How to replace your full-size pickup

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We love our big pickups. They are beefy, rugged and roomy. They are the most American of vehicles, and we like that, too.

But high sticker prices and the threat of higher gas prices have many of us asking, "Do I really need a full-size truck?"

For most of us, the answer is, "No."

We can save a bundle of money with a midsize pickup, or even some crossovers, without sacrificing much performance, utility or safety.

A popularly equipped extended-cab version of the Chevy Silverado, Dodge Ram or Ford F-150 carries an average manufacturer's suggested retail price of about $30,000.

A comparably equipped, extended-cab edition of the Nissan Frontier, Toyota Tacoma or GMC Canyon will have an average retail price of about $25,000.

Financing that extra $5,000 with a 48-month loan at 7% will add more than $700 in interest charges to the total cost.

You may be twitchy about fuel costs increasing, and you should be. Our experts at AAA say they expect gas prices to go up this year.

Full-size pickups have an average city/highway combined EPA-estimated fuel economy of about 16 miles per gallon.

Every 1 m.p.g. you add to that saves nearly $150 a year in fuel costs -- assuming you drive 15,000 miles a year, it would reduce fuel consumption by 56 gallons at $2.65 per gallon.

If you opt for a midsize truck that averages closer to 20 m.p.g., your savings could grow to almost $600 a year.

According to Jim Farley, Ford Motor Co.'s vice president of global marketing, studies show that 60% of full-size truck owners buy their trucks not for work, but for image or occasional towing and hauling.

Do you fall into that group?

Full-size pickups are empowering. They make us feel rugged and project a get-out-of-my-way attitude on the highway. When equipped with four-wheel drive, they can also go just about anywhere.

It's tough to give that up, but a midsize pickup can provide all of that except for the intimidation factor. Is that worth the extra 10 grand?

You probably like the high seating position and the command-of-the-road feeling a big truck offers. Not only do a number of smaller pickups fill that bill, but so do many crossovers, including the Subaru Forester, Ford Escape and Chevrolet Equinox.

You can argue that big trucks also project a feeling of security and safety.

There is no disputing that a full-size pickup puts a little more metal around you. But crash tests have shown that smaller vehicles can protect their occupants just as effectively.

The Tacoma, for example, got the highest scores possible from the government and the Insurance Institute for Highway Safety, both in frontal and side-impact crash tests.

Even occasional towing and hauling often don't require a full-size truck.

What you think about as hauling a load of peat for the weekend lawn project or building supplies for renovating the guest bathroom, vehicle manufacturers think of in terms of payload.

It means the combined weight of passengers and cargo that a vehicle can carry.

Although the cargo box of a full-size pickup is roughly 30% bigger, there is little difference in payload capacity between full-size and midsize pickups.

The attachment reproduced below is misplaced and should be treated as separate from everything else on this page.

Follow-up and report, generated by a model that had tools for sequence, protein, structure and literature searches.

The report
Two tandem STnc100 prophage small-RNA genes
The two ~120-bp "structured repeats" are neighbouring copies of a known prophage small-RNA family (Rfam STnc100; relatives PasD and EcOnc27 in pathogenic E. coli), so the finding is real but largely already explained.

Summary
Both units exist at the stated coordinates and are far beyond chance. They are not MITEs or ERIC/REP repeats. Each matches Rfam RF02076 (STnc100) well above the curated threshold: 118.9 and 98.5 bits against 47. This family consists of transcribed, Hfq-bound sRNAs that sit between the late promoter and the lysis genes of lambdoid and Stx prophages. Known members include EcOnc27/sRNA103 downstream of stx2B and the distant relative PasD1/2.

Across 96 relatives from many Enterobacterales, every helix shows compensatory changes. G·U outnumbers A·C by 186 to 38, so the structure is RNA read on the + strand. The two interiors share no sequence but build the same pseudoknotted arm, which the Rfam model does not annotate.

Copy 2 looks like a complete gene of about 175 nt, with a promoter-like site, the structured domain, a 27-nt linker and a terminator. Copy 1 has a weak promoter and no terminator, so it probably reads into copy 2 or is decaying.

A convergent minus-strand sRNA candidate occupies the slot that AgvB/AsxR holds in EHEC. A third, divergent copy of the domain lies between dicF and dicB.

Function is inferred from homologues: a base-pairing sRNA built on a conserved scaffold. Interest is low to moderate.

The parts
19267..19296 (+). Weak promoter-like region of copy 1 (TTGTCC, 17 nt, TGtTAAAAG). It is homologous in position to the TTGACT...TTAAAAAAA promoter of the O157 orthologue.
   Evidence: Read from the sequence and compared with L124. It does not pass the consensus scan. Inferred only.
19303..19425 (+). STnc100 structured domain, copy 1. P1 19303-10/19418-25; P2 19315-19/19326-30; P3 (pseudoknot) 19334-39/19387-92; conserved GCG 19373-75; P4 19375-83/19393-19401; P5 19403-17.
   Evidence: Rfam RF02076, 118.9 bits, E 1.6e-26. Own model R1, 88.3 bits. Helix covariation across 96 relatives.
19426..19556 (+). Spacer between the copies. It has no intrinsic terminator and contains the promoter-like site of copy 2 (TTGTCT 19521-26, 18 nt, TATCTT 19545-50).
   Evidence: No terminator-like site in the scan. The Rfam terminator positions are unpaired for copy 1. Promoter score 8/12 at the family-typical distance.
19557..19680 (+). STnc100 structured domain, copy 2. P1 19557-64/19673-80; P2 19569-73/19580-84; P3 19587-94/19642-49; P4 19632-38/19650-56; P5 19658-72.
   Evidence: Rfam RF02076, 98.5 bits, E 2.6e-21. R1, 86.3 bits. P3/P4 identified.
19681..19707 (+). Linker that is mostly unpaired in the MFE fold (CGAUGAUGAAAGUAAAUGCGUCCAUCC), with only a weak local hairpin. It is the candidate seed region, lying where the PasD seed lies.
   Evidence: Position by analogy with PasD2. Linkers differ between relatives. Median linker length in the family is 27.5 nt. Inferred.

So you can haul about the same amount of fill dirt, peat or 2x4s, you just have to pile it a little higher in a smaller pickup.

Interior room and towing ability are where you've got to make some savvy choices.

While midsize pickups generally seat a maximum of four, full-size pickups can transport up to six with more rear-seat legroom and backseats that fold up to provide more interior storage space.

If you need those extra seats, a crossover might be the best alternative for you.

If you routinely need to pull more than 6,500 pounds, it will be hard to replace your full-size truck.

But most recreational towing, such as boats and campers, requires you to haul far less weight and is well within the capability of midsize trucks and crossovers.

Here are our favorite big-truck alternatives. As priced, their equipment levels are on par with the full-size pickups listed above. (A factory-installed towing package may be required.)

First, the midsize pickups:

Nissan Frontier King Cab LE: $25,720 with a 4-liter V6 engine that delivers a combined 18 m.p.g. fuel economy rating; 1,425-pound payload capacity, and ability to tow up to 6,500 pounds.

GMC Canyon Extended Cab SLE: $23,645 with a 2.9-liter, four-cylinder engine that delivers a combined 21 m.p.g.; 1,441-pound payload capacity, and ability to tow up to 6,000 pounds.

Toyota Tacoma PreRunner Access Cab: $23,275 with a 4-liter V6 that delivers a combined 18 m.p.g.; 1,415-pound payload capacity, and ability to tow up to 6,500 pounds.

And finally, the best crossovers:

Subaru Forester Premium: $24,490 with a 2.5-liter, four-cylinder engine that delivers a combined 22 m.p.g., can tow up to 2,400 pounds and includes all-wheel drive.

Chevrolet Equinox LT1: $24,280 with a 2.4-liter, four-cylinder engine that delivers a combined 26 m.p.g. and can pull up to 3,500 pounds.

Ford Escape XLS: $22,955 with a 2.5-liter, four-cylinder engine that delivers a combined 24 m.p.g. and is capable of towing 1,500 pounds.

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